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Make It Snappy With Vim
Vim is still one of the most powerful text editors out there. One of its more useful features is that it allows you to set up your own abbreviations and mappings. These can speed up the typing of stock phrases or do far more complicated things. Enter these in command mode to try them out, or add them to your ~/.vimrc (without the initial colon) if you want them to stay.Tip of the Trade: Learn how to set your own abbreviations and mappings in the ever-useful Vim.
Abbreviations (use iab for abbreviations that work only in insert mode or ab for abbreviations that work in any mode) and mappings (use imap for mappings that work in insert mode, or map for mappings that work in multiple modes) are very similar. Broadly speaking, if you're doing something you'd normally use the command-line mode for, use a mapping. If you want a set of characters to expand into a longer string while you're typing, use an abbreviation.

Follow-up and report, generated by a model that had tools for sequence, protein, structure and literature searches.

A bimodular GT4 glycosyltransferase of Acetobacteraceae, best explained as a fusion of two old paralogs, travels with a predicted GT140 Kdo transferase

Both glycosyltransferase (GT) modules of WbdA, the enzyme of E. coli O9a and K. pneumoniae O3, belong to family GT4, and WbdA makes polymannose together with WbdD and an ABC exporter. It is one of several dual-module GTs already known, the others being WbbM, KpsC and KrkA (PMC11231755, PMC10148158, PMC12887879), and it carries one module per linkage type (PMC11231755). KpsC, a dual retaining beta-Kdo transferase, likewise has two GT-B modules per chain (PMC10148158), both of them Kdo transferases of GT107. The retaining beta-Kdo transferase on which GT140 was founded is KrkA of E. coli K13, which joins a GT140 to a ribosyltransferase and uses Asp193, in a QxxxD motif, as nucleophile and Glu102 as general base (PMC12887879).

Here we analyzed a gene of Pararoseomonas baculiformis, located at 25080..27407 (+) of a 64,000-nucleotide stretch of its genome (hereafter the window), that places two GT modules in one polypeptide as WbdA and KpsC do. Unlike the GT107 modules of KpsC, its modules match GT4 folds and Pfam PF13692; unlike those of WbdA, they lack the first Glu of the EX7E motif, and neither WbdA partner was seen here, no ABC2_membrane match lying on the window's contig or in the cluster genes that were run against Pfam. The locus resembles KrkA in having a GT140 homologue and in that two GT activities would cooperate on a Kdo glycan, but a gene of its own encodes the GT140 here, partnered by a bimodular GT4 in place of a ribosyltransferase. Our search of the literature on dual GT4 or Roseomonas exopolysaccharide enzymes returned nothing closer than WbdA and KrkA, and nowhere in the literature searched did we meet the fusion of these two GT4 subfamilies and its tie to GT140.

- The basic 'shorten a stock phrase' type abbreviation:
If you type YDATE, this will output a string like 'Mon May 04 11:01:58 2009'. (You can also use abbreviations to fix common typos, e.g.,
=strftime("%a %b %d %T %Y")
:iab teh the)
- Reformat the current paragraph according to the current textwidth by
gqap :map <C-L> gqap
- Underline the current line with ,u or double-underline it
with ,U (this is useful for text note files):
:imap ,u <ESC>yypv$r-o :imap ,U <ESC>yypv$r=o
- Take out unwanted newlines: Turns every paragraph into a single line:
This is helpful when you're editing config files that need not have line breaks (e.g. ~/.ssh/authorized_keys2), but you have your textwidth set for normal reading of textfiles.
:map ,L :%s/(.)n(w)/1 2/<CR>
To list all the mappings that have been set, use :map.